Ben: We’ve been very luck in that while Jack’s lawyer’s have always been very shrewd in making sure that the legal rights to his masters will always revert back to him, Jack has personally made sure that POSSESSION of his masters never gets too far out of his reach. That being said, once you have everything (and we do, pretty much, have everything) the question of what to do with it and how to do it becomes that much more serious. We’re lucky in that we own our own building and were able to put in a custom, master tape storage vault.

Butch: What have been some of the biggest technical challenges you’ve faced in preserving your own audio materials? Describe one of your most interesting preservation challenges.

Ben: As of right now, it’s space. Two inch tape carries a big footprint! We had a machine try and eat an ADAT just last week. Fortunately Nashville is the kind of town with folks who still know how to deal with archaic technology. Thankfully I don’t have to be terribly hands-on in a situation like that.

Butch: How widespread is an awareness of digital stewardship and preservation issues in the music industry?

Ben: With folks I know and deal with, it’s non-existent. Folks don’t think to back-up a hard drive they recorded on or even save the layouts for their artwork. It’s hard to think of that stuff as an asset (or even a future asset) when you’re struggling just to get it out. The bigger the artist the more likely they are to care…but I’ve yet to be friends with someone that didn’t have to work their way up a ladder to becoming a “big” artist. With that in mind, who’s keeping track of all the early stuff?

Butch: Libraries, archives and museums have come to rely on “citizen archivists” like you to take the lead in capturing, preserving and making accessible overlooked corners of our cultural heritage. Do you have any thoughts on what the role of LAMs should be in relation to the work that you do? Should LAMs take a more aggressive role in the early capture and preservation of pop cultural materials or should they continue to rely on collectors and the marketplace for early capture and preservation?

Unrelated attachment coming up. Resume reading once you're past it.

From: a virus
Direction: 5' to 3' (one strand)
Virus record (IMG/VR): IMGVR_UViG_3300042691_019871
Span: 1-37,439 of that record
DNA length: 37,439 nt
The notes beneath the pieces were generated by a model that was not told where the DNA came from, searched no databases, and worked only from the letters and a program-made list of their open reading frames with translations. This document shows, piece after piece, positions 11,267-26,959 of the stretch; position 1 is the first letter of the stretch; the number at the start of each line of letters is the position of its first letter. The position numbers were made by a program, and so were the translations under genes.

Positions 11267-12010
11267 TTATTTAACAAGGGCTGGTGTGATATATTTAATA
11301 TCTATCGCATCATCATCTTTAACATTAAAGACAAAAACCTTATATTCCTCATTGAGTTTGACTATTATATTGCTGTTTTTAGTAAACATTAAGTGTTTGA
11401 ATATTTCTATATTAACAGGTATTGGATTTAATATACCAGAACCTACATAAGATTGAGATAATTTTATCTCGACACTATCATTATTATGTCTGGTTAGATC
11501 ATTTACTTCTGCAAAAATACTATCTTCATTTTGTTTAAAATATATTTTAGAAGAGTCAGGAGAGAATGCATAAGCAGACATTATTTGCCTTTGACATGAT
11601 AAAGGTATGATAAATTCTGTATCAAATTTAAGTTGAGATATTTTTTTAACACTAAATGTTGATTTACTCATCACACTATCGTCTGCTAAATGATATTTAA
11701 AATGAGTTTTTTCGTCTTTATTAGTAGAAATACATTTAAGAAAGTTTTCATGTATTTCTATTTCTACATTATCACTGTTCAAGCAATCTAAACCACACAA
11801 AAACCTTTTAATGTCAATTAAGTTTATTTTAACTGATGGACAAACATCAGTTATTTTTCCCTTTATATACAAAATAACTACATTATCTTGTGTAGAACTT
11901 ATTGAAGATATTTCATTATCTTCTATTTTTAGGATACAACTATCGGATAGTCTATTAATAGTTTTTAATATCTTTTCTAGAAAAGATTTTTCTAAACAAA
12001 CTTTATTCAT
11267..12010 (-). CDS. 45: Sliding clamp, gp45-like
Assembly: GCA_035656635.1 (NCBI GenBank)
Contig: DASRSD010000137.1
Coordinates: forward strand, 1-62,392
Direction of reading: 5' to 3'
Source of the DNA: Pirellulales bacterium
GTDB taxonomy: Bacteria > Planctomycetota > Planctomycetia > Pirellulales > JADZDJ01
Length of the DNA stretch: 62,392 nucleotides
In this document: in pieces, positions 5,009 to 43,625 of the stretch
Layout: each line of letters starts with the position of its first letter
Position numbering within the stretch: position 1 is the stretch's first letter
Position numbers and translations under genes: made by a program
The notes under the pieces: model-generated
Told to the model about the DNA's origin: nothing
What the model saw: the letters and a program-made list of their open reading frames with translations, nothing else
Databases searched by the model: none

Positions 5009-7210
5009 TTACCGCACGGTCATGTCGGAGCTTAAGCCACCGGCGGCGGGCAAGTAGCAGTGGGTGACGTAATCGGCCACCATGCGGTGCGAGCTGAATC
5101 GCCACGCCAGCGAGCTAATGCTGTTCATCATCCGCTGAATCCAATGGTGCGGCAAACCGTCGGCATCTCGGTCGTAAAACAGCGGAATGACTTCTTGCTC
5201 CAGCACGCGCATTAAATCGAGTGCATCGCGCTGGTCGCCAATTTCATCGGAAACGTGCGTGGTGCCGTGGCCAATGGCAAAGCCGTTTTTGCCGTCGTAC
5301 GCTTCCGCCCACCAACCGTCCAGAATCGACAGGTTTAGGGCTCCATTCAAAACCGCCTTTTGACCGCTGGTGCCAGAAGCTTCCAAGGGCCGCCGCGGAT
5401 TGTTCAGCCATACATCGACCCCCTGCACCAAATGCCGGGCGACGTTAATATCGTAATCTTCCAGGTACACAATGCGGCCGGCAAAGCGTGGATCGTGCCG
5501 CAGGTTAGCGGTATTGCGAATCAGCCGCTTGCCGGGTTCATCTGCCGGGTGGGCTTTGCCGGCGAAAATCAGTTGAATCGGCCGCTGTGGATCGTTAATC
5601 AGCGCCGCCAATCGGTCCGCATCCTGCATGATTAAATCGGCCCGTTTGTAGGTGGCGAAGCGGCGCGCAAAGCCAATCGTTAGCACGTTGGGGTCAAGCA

Ben: LAMs should be making their holdings available to as wide an audience as possible. The problem is, things are donated to these institutions all the time, but the processing of material is absolutely glacial in its pace. If I were to just GIVE all my pertinent Detroit/Michigan records to a university, they will just sit there for A WHILE before they’re properly cataloged and/or made accessible to the public. Meanwhile, [name] can donate his papers and give ’em $2 million while he’s at it and that assures his work will be dealt with and handled properly and promptly.

The "hostage lever" on the Third Man vault door. Photo Credit: Ben Blackwell

The “hostage lever” on the Third Man vault door. Photo Credit: Ben Blackwell

In my circle of friends, it’s often said “don’t give your records to libraries/museums…they will just sit on a shelf.” Which I hate to say and even think, but it’s pretty true. In my dreams, all these institutions would be able to scan and transfer the entirety of their holdings and make them available on an easily-navigable website. While I enjoy holding actual original copies of things more than anybody, the unwashed masses of “the public” don’t need to be manhandling one-of-a-kind records. But if they had easy access to them via the web…I see that as properly serving the populace.

Butch: We were first made aware of the label’s interest in preservation in a New York Times article that described the room in the Third Man offices called “the Vault.” Describe how the idea for the Vault came about and what’s interesting about it technically. How easy would it be for other independent labels to create their own “Vault,” and should they?

Ben: Master tapes had been sitting in Jack’s closet at home for nigh-on ten years by the time the Third Man building was being retrofitted. It just made sense to clean out the closet. Technically it’s climate-controlled with a door that is fireproof and door insulation that is smoke-reactive. It has blocked off air-vents so no Tom Cruise, Mission Impossible break-ins. Poured concrete cinderblock walls. Lasers…don’t get me started on the lasers. I don’t think it would be too easy for other labels to implement a Vault on a similar scale, but not everyone needs what we have. To be honest, a closet works fine for most indie labels.

8/2/14: Some hyperlinks removed.